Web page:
“The world is getting to be such a dangerous place a man is lucky to get out of it alive.” W.C. Fields
THE WORRY GENERATION
Parents in the year 2011-going-on-2012 are probably the worryingest humans ever to have evolved.
We might blame TV crime dramas and the 24-hour news cycle for that. This holy land’s living room gibbons have seen so many kidnappings, murders, beatings, and rapes that they’ve begun to believe real life is chock-full of such thrills and chills.
This despite the fact that crime stats have been steadily decreasing in the last few decades. The evolutionary psychologist and cognitive scientist Steven Pinker has written a bestseller entitled “The Better Angels of Our Nature” detailing how the human urge to eviscerate or otherwise express his emotions toward his neighbor has profoundly declined in the modern world.
Sure, sure, we have nuclear weapons and religious sects that want to slice our throats if we don’t agree with every single use of the comma in their book of tenets but, by and large, the casual one-on-one violence that characterized daily life as recently as the middle of the 20th Century is pretty much absent today in America.
In 1942, for instance, a man might disagree with the fellow next door over the relative merits of Plymouths versus Chevys. The discourse might become heated to the point that the Plymouth owner would, say, accuse the Chevy aficionado of having carnal knowledge of his mother.
The Chevy guy might at that point punch the Plymouth guy in the nose, causing the poor man to spend the rest of his life resembling a Picasso portrait.
Probably Had A Disagreement With His Neighbor
And that would pretty much be the end of it save for the eagerly repeated recounts of the encounter which would only peter out when the next such slugging occurred.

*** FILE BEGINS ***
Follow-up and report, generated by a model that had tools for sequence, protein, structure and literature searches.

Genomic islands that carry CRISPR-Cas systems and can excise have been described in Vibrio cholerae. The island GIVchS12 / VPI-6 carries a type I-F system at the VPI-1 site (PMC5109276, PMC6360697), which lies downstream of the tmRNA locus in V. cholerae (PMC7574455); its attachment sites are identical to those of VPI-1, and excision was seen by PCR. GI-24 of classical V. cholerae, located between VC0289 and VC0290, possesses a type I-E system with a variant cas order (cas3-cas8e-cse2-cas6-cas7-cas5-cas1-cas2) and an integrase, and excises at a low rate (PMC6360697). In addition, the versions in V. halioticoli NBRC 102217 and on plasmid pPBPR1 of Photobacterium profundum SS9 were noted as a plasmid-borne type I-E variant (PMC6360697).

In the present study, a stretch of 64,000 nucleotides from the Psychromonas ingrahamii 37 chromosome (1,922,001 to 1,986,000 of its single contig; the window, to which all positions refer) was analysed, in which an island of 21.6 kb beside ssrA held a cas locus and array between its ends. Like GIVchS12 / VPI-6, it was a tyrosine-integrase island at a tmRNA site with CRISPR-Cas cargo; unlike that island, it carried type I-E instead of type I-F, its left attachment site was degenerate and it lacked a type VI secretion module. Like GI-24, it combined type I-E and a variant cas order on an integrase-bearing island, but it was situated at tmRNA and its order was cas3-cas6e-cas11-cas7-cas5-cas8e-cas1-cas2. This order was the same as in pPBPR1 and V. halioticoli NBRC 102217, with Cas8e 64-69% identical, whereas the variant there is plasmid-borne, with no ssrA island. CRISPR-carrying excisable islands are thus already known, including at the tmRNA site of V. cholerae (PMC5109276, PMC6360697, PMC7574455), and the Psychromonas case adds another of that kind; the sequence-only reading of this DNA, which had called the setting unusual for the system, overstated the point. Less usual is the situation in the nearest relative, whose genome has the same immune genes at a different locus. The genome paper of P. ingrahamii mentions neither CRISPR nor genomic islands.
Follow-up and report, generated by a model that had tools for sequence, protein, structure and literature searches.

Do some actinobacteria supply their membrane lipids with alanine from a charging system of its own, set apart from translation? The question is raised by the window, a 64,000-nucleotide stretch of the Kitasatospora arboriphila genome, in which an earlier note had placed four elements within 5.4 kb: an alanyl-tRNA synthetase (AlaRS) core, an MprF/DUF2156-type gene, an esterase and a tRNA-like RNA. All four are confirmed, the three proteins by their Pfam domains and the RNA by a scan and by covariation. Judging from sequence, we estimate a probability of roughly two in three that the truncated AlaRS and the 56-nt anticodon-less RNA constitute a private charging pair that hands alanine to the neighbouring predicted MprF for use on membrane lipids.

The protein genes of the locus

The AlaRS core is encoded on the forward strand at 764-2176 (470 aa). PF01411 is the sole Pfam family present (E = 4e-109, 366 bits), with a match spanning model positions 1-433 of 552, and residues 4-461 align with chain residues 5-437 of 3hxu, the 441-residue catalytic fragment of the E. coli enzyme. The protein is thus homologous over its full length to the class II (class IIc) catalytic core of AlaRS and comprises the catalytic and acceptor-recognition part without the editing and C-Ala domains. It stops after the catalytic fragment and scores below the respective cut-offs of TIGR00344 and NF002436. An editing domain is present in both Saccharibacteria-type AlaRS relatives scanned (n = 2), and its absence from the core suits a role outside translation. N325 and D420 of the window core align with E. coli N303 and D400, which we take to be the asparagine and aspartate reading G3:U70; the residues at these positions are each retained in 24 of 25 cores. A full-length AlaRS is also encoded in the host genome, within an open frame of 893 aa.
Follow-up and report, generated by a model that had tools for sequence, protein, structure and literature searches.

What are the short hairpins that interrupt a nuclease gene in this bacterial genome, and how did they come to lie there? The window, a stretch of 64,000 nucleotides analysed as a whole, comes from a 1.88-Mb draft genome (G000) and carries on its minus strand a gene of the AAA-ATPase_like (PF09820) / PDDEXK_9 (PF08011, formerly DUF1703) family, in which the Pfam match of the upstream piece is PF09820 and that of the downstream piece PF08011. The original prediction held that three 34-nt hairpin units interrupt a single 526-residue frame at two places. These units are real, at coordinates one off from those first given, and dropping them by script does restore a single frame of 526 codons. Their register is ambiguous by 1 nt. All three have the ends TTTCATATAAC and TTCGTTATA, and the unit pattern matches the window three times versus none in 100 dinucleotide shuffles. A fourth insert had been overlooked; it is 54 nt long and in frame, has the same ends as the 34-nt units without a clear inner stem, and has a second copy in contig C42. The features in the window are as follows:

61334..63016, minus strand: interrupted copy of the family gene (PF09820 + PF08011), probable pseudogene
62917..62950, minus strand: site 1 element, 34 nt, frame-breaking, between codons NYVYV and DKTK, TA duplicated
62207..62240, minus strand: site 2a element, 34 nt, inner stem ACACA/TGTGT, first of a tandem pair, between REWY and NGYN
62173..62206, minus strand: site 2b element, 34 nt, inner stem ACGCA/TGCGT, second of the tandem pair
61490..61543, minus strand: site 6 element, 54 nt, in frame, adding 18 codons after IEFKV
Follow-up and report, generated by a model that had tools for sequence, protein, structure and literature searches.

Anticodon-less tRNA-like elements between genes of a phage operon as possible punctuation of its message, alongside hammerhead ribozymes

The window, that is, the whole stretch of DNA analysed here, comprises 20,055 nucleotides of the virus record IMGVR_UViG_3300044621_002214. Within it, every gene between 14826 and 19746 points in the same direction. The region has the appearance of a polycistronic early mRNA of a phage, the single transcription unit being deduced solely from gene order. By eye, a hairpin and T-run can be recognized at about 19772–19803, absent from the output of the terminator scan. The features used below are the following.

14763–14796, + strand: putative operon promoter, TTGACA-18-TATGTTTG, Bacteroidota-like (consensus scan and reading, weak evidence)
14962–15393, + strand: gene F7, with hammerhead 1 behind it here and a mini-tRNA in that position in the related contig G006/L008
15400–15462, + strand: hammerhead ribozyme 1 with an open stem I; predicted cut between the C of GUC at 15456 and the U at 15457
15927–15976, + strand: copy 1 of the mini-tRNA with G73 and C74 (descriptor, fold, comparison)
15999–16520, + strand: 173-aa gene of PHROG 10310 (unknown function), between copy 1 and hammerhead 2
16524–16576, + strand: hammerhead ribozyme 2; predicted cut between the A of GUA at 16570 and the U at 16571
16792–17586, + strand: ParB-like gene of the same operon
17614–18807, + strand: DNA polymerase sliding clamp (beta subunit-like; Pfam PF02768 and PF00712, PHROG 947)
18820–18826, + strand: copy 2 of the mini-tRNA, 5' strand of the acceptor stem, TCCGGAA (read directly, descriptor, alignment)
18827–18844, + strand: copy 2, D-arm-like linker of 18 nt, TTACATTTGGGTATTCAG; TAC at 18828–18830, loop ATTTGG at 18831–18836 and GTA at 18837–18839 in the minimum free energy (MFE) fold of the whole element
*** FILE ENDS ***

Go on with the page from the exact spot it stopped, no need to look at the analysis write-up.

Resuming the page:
Today, of course, a citizen displacing his neighbor’s nose from the front of his face to the side would trigger a flood of squad cars, ambulances, and attorneys to descend upon the block in question.
If it happened in Bloomington, the incident might even make the inside pages of the Herald Times.
We are, by and large, a more civilized people.
Anyway, parents today won’t let their kids do much of anything on their own for fear they’ll be forced into sexual slavery. The world, Ma and Pa America believe, is more dangerous than it’s ever been.
So imagine how the parents of Oakland City, Indiana are reacting to the discovery of a meth lab in the janitor’s closet at the town’s high school.
They’re meeting today with the school’s principal and the town’s chief of police to talk the whole thing over. You know — as much as you know the sun will rise in the east tomorrow — there are now dozens of Oakland City parents who are convinced the nation’s high schools are all housing meth labs.
Even though there’s no evidence the janitor wanted in connection with the discovery had peddled his product to the kids. Nor is there evidence his closet was really a lab at all — the police chief says it appears a small amount of meth was made a single time there.
Parents worry. Always have. But never before the way they do now.
Remember “rainbow parties”? Oprah — who else? — had an episode once during which it was revealed teens were throwing get-togethers wherein the girls all put on different shades of lipstick and proceeded to blow all the boys in attendance — the “rainbow” signifying the lipstick spectrum each boy’s junk was adorned with after the party was over.
Next thing you know, every parent in the land was convinced every Friday night party their precious daughters and lucky-dog sons were going to were really fellatio orgies.
Or how about the Florida police chief who revealed to a startled republic that our sons and daughters were now all doing jenkem, a largely mythical hallucinogen made from fermented human sewage. The DEA and the mainstream media jumped on that bandwagon, warning of the dangers of sniffing hot shit.
Fox News (Who Else?) Reports On The Jenkem Epidemic
And parents ate it up, natch. Until the jenkem rage was discovered to be a hoax.
Maybe today’s parents need the adrenaline high of worry and fear. Maybe it’s a replacement for the high they used to get from the substances they did before they became parents.
Or, as I alluded to earlier, maybe it’s simply the blurred line between fiction and reality that corporate media has created.
Whatever, every kid seems to have helicopter parents now. And I thought my generation had a lot of parental baggage to shed on the analyst’s couch. The poor kids of today are going to be gulping anti-depressants like M&Ms over the next few decades.
Man, I’m glad I never became a parent.
Especially when I or The Loved One might be viewed in the following light by the husband or wife of our thankfully non-existent kid: